• Perfectionists (I'm trying to quit) who "enjoy improving ideas and systems they come in contact with. As INTJs are naturally curious, this tends to happen quite frequently. However, they always try to remain in the rational territory no matter how attractive the end goal is – every idea that is generated by the INTJ’s mind or reaches it from the outside needs to pass the cold-blooded filter called 'Is this going to work?'. This is the INTJ’s coping mechanism and they are notorious for applying it all the time, questioning everything and everyone.
  • Assesses all possible situations, calculates strategic and tactical moves, and more often than not develops a contingency plan or two as well. 
  • Enjoy being the “man behind the curtain.”
  • May be idealists (impossible is nothing) and cynics (everybody lies) at the same time. 
  •  "Generally speaking, INTJs usually prefer to work in the area they know very well. Their typical career is related to science or engineering, but they can be found anywhere where there is a need of intelligence, restless mind and insight (law, investigations, some academic fields). INTJ personalities rarely seek managerial positions – if they do, this is probably because they need more power and freedom of action, not because they enjoy managing people." (My dad and brother are engineers and, in a long stretch of the imagination, I am seeking to "engineer" ways to help "the least of these.")
  • Find it very difficult to handle romantic relationships, especially in their earliest stages. (This could explain my college years...)
  • Both private and incredibly rational. Small talk is irrational to them. (I strongly dislike smalltalk. I cannot even...)
  • Public displays of emotion are outside of their comfort zone and consequently they will do their best to restrain themselves. 
However, I also strongly identify with these descriptions of the INFJ:
The INFJ type is believed to be very rare (less than 1 percent of the population) and it has an unusual set of traits. Even though their presence can be described as very quiet, INFJ personalities usually have many strong opinions, especially when it comes to issues they consider really important in life. If an INFJ is fighting for something, this is because they believe in the idea itself, not because of some selfish reasons. (Emphasis added.)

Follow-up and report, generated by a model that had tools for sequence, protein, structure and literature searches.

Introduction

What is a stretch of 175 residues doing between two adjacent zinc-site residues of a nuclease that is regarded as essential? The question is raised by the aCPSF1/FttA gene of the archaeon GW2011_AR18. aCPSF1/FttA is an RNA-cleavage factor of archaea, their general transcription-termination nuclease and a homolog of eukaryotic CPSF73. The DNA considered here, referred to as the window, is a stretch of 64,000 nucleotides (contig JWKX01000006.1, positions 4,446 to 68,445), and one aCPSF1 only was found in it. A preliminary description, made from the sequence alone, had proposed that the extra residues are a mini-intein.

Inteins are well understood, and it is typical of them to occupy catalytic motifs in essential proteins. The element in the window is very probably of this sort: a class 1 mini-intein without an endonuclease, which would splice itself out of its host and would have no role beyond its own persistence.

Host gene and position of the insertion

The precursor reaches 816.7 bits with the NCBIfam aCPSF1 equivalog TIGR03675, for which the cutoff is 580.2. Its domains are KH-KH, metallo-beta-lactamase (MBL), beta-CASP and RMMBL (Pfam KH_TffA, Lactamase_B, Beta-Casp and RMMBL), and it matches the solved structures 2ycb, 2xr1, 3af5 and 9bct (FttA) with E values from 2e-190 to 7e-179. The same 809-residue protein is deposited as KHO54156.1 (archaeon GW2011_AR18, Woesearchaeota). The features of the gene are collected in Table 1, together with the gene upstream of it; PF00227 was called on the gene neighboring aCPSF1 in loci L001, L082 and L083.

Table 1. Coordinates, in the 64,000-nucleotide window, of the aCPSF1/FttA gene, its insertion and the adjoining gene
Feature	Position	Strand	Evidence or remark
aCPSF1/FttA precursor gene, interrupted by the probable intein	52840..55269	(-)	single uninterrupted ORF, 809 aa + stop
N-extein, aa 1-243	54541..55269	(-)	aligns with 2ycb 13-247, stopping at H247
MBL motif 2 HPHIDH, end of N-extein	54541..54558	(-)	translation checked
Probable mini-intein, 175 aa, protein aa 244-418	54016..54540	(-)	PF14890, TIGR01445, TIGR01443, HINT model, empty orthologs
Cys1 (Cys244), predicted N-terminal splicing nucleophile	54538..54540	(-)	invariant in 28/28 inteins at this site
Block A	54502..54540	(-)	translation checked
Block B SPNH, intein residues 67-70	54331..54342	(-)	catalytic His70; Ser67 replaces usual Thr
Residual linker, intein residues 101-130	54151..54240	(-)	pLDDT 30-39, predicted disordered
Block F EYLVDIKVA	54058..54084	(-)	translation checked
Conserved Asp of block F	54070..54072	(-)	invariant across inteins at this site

• Drawn to helping people
  • Good at written communication, with a distinctively smooth and warm language. Their sensitivity can often mislead bystanders, who might think that the INFJ is actually an extrovert.
  • They need to have some “alone time” every once in a while or otherwise their internal energy reserves will get depleted really quickly. (This is an introvert thing.)
  • Vulnerable to conflicts. "If someone with this personality cannot escape the conflict, they will do their best to deal with it head on, but this will result in a lot of stress and may also potentially lead to health problems or highly irrational behavior." (Hello stress.)
So there you go. That's me. I must admit that I'm actually happy to know more about myself, and it is freeing to see that most aspects of my personality can be explained by Myers and Briggs. 

Except this. I have a strange addiction to these that cannot be explained. (Seriously, I need an intervention.):

Want to know more about your personality? Take the same test I took here: 

Share your results. Let's get to know eachother!!

And this year, know thyself.

Friday, January 3, 2014

be present

This has been--and probably will continue to be--one of my favorite contemporary quotes for a while. (This was part of a sermon that Kyle Lake, a pastor from Texas, gave right before he was tragically electrocuted during a baptism. A horrific story, yes, but he left us quite a gem in this quote.) 

I have trouble living in the moment. I always have, and I probably always will. (In fact, at this very moment I have 6 different tabs open on my computer. Noted.)

BUT I LOVE THIS QUOTE, and it comes to mind often. I hope and pray to live by these words more often in 2014. 

“Live. And Live Well.

BREATHE. Breathe in and Breathe deeply.

not be past. Do not be future. Be now.

On a crystal clear, breezy 70 degree day,
roll down the windows and

FEEL the wind against your skin. Feel the warmth of
the sun.

If you run, then allow those first few breaths on a cool Autumn day to

FREEZE your lungs and do not just be alarmed, be ALIVE.

Get knee-deep in a novel
and LOSE track of time.

If you bike, pedal HARDER and if you crash then crash

Feel the SATISFACTION of a job well done-a paper well-written, a project
thoroughly completed, a play well-performed.

If you must wipe the snot from your
3-year old's nose, don't be disgusted if the Kleenex didn't catch it all

because soon he'll be wiping his own.

If you've recently experienced loss, then
GRIEVE. And Grieve well.

At the table with friends and family, LAUGH.

If you're
eating and laughing at the same time, then might as well laugh until you puke.

And if you eat, then SMELL.

The aromas are not impediments to your day. Steak on
the grill, coffee beans freshly ground, cookies in the oven.


Taste every ounce of flavor.

Taste every ounce of friendship.

Taste every ounce of Life.


― Kyle Lake